Photos: All images copyright and courtesy of the artists and MARTINETZ, Cologne
I’m just a girl, take a good look at me / Just your typical prototype Oh, I’ve had it up to here / Oh, am I making myself clear?
I’m just a girl, I’m just a girl in the world / That’s all that you’ll let me be
(No Doubt, 1995)
Ever since feminism became sexy the ‘girlie’ has been stuck in a dilemma between self-confident empowerment and commercial exploitation. In the 1990’s protagonists of the punk scene (e.g. Riot Grrls) used offensive appropriation of girlie clichés as a subversive feminist strategy in order to expand women’s scope. Their militant call for ‘girl power’ was then adopted by mainstream pop, in turn complicating the situation: is Miley Cyrus’ feminist statement an emancipatory act or a marketing strategy? In their 1999 pamphlet ‘Preliminary Materials for the Theory of the Young-Girl’ 1 the French author collective, Tiqqun, described how the ‘Young-Girl’ developed to form a central role in a capitalist consumer and media driven world. Equipped with a limited set of ‘girlie styles’ and behaviours, the ‘Young-Girl’ functions both as a target audience and as a role model. Her youth is a contradiction, on the one hand it is an adolescent phase of immaturity striving towards a more ‘perfect’ existence (‘How to reach your full potential!’) and on the other hand it is an external state that is to be preserved for as long as possible. Ideas associated with the ‘Young-Girl’ are, under the guise of lifestyle, deeply embedded in our society and have become an authority that spans gender and now applies both to women in their 50s and to 25 year old boys. Despite the ‘girlie’ rebellion often being prematurely dismissed as mere coquetry, it seems however, to be yet again ready for battle as it interferes with social discourse on hierarchies, gender roles, consumerism and body cult. Even in art, the debate ties in with tradition. The ‘girlie’ represents a counter position to the prevailing cliché of the white, male genius and therefore still retains its fruitful potentiality.
1. Tiqqun, Preliminary Materials for the Theory of the Young-Girl, (Semiotexte: 1999)
The exhibition presents works by artists that claim the ‘Young-Girl’ as a strong, subversive and complex role, from neo-naive girlie-girls to femme-machos and sassy bitches. They play with stereotypes, turn sexism on its head and bend conceptions of what is appropriate, in order to free the ‘Young-Girl’ from her limited role.
Zuzanna Czebatul‘s (1986, Miedzyrzecz, PL) work deals with the structures and dynamics of hierarchy. Her series ‘Gentle Reminders’ utilises classical aesthetics. In Ancient architecture relief tondi were used as decorative elements and served the dignified representation of portraits and busts. Here the outline of the erect penis, however, looks indecent, like an adolescent doodle. The term pornography originates from antiquity and refers to an exclusive area of eroticism to which only men with a certain social position had access.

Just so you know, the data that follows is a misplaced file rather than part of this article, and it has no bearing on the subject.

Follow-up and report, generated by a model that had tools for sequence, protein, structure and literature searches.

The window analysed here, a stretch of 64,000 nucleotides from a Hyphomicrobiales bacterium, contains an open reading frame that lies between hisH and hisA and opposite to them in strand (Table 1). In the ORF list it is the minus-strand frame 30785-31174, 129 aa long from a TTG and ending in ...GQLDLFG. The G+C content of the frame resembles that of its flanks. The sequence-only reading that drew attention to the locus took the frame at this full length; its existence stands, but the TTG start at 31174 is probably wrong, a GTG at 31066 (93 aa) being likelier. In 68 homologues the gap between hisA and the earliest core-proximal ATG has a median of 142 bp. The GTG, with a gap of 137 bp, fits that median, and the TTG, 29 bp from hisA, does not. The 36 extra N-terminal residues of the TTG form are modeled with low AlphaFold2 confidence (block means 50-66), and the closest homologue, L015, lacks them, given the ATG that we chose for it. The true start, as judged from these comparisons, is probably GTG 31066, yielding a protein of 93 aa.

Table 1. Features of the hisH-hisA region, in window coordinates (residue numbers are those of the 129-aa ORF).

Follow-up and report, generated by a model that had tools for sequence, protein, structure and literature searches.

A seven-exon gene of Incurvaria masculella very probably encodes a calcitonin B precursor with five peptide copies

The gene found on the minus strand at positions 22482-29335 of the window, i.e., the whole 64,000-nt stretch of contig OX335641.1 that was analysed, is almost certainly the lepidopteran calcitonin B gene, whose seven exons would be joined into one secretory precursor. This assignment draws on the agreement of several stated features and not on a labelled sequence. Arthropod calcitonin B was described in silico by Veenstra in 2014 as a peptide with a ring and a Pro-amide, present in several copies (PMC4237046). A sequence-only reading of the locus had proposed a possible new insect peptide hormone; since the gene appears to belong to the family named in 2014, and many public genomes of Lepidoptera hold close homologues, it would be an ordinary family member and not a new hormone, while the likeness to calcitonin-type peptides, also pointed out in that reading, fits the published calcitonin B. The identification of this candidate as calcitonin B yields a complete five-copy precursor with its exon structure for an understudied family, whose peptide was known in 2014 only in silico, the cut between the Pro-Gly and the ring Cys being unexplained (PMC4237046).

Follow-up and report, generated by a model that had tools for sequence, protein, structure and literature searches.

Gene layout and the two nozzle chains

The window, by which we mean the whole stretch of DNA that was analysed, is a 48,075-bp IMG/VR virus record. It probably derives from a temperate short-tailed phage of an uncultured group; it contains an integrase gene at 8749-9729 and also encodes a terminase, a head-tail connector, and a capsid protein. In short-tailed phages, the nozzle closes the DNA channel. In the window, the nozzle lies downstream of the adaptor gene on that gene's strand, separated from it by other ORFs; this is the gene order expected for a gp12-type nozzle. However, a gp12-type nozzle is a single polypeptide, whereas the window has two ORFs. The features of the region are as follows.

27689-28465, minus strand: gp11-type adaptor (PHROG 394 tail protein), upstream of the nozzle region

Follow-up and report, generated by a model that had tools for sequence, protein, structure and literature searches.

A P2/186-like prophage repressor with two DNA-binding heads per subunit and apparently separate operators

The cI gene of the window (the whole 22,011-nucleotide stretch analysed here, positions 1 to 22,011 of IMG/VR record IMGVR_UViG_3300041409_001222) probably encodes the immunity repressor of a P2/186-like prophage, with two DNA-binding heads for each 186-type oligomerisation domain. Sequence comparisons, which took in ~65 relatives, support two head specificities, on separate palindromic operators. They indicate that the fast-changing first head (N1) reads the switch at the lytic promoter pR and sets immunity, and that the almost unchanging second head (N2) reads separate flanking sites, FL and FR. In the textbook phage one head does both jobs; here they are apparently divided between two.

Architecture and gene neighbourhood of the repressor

Magdalena Kita (1983, Debica, PL) uses classic methods of icon painting in order to create fabulous scenes in which shameless women show off their bodies, take possession of men and tear each other apart. Her drawing style, with its characteristic use of girlie pastel colours, tells stories of uninhibited women, at times their toy-boys are also depicted, however, only ever in the role of an extra.
KLITCLIQUE (G-Udit and $chwanger, Vienna, AT) rebel, with their installations and performances, against cultural male dominance. On their path to the golden matriarchy macho rappers and white genius painters are medially and verbally castrated. Their attitude is punk on trappy hip-hop beats and is based on scenes that have emancipatory potential but that still exclude and marginalize women.
Alex McQuilkin’s (1980, Boston, MA) performative video works deal with women’s roles. For the piece ‘Magic Moments’ she stings together short sequences from commercials, films and videos that depict radiant ‘all American girls’ to the beat of the American national anthem. The individual women with their laughing open mouths, pirouette with flying hair and together with their uniform gestures, they melt into a single cliché.
For Mary-Audrey Ramirez (1990, Luxembourg) hacking represents one of the last creative and revolutionary means. Her girls move around in virtual space and, heavily armed, they fight against sexist trolls. Despite virtual space being a place where gender and physical characteristics are actually irrelevant, it is a scene in which women have long since been over-sexualized and suppressed. Mary-Audrey Ramirez uses the naivety of the ‘girlie’ as a defence mechanism and an ambush.
Grace Weaver (1989, Burlington, VT) utilises offensive cuteness as a visual strategy. She depicts scenes that play between the gym and the bedroom, the smartphone and the vanity mirror. Her girls and boys pose and play in a permanent soap opera of flirtations and friendships, self-portrayal and external assessment. Similar to social media, a superficiality and banality is staged within the adolescent over-evaluation of the everyday that grace Weaver then exaggerates and satirizes like a caricature.
Opening: Thursday, June 7th 2018, 5 – 9 PM
8 PM: Perforemanzipative Show1lage by KLITCLIQUE
Exhibition until July 20th 2018